What do we know about the ACMA leak fiasco?

Conroy is not a happy camper.

Conroy is not a happy camper.

Yesterday was one of the biggest news days in the online filtering debate so far. Wikileaks published a list of URLs which purported to be the ACMA’s official blacklist. Responses from Conroy and the ACMA have been hard to completely decipher, but here’s what we know so far:
The list’s accuracy is still a point of contention.

Stephen Conroy said yesterday, “I am aware of reports that a list of URLs has been placed on a website; this is not the ACMA blacklist.

“There are some common URLs to those on the ACMA blacklist. However, ACMA advises that there are URLs on the published list that have never been the subject of a complaint or ACMA investigation, and have never been included on the ACMA blacklist.”

Wikileaks said the disparity in the reported figure was probably due to the fact that the list contained several duplicates and variations of the same URL that stem from a single complaint.

The ACMA, of course, will not say which URLs have never been the subject of a complaint. They have not ruled out, for instance, that the website of popular international gambling service, BetFair, does appear on the official ACMA list. Wikileaks stands by the accuracy of the list.

The ACMA and Stephen Conroy have threatened legal action for distribution of the allegedly (in)accurate list.

“ACMA is investigating this matter and is considering a range of possible actions it may take, including referral to the Australian Federal Police,” Senator Conroy said.

The watchdog has warned that anyone who republishes the list or attempts to access child pornography sites on it could face up to 10 years in prison.

It has also warned that linking to sites on the list could incur fines of up to $11,000 a day.

There’s a mile wide grey area here. Will I be fined or jailed for ten years for simply linking to Wikileaks? I’m not providing direct access to the list, nor am I republishing it. Wikileaks has been named as the source of the alleged leak in numerous mainstream media outlets.

Will I be fined $11,000 a day for linking to BetFair, a website that appears on the Wikileaks list? Without a conclusive statement from Conroy or the ACMA notifying the public which websites are not on the official ACMA list, I don’t know what I’m allowed to link to.

The ordeal has shaken up the ACMA.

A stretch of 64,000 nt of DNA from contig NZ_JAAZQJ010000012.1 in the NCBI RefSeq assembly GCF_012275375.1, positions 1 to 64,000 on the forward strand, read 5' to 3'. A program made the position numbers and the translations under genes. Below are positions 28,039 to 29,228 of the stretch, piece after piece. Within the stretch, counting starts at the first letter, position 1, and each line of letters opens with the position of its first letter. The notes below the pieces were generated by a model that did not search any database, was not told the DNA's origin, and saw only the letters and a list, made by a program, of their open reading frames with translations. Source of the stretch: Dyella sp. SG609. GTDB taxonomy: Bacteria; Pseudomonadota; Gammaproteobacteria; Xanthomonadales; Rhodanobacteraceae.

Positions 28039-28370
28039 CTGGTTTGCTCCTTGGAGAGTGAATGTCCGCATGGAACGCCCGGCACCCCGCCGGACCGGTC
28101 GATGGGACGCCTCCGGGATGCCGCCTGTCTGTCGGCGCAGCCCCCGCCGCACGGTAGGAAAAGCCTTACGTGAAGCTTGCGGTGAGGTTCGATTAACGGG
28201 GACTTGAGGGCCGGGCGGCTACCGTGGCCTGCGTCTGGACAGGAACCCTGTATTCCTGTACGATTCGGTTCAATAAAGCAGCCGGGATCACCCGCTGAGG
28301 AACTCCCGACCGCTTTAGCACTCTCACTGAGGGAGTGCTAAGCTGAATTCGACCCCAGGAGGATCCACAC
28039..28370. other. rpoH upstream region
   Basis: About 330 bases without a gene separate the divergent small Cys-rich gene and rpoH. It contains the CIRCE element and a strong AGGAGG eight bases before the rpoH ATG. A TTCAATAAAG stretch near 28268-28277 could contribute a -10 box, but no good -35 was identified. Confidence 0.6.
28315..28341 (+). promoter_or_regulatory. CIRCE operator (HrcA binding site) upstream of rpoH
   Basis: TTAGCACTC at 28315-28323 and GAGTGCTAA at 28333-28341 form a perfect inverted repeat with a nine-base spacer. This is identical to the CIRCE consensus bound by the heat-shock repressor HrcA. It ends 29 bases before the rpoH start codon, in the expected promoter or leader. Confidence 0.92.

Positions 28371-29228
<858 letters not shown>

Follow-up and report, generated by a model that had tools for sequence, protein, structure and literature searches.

“ACMA is discussing with the IIA what, if any, action it may need to take to help ensure that ACMA’s list remain secure,” the authority said in a statement. “ACMA considers that any publication of the ACMA blacklist would have a substantial adverse effect on the effective administration of the regulatory scheme which aims to prevent access to harmful and offensive online material.”

“Such publication would undermine the public interest outcomes which the current legislation aims to achieve.”

Several blacklists used by different censorship bodies across the world have leaked onto Wikileaks recently. Considering that the ACMA provides their official list to developers who make home Internet filtering software, I would posit that an eventual leak is inevitable if the recent list that has emerged is not accurate.

The ACMA claims that publication of their lists undermines “public interest outcomes”, but seeing as we have no other way of ensuring that the agency is sticking solely to child pornography, what else can we do? If I were the owner of BetFair, I would want to know if my website had been blacklisted, particularly considering that this list will form the basis of our Mandatory Internet Filter scheme. What recourse would BetFair have if they one day found that nobody in Australia could access their website?

There are still too many unanswered questions.

Although this debacle has enlightened us to how the ACMA and Conroy might act in certain situations, what they have failed to address seems far more telling than what they have addressed. It seems to me that Conroy, and to a lesser extent, the ACMA, have deliberately blurred the lines with respect to this list. They have advised that there are things we can’t do with this list, while at the same time claiming that not all the websites on it are blacklisted.

I hope we see more and more leaks forthcoming. The media frenzy that has surrounded this issue has given us a great opportunity to bring our many concerns to the forefront.

Information sourced from:1 2 3


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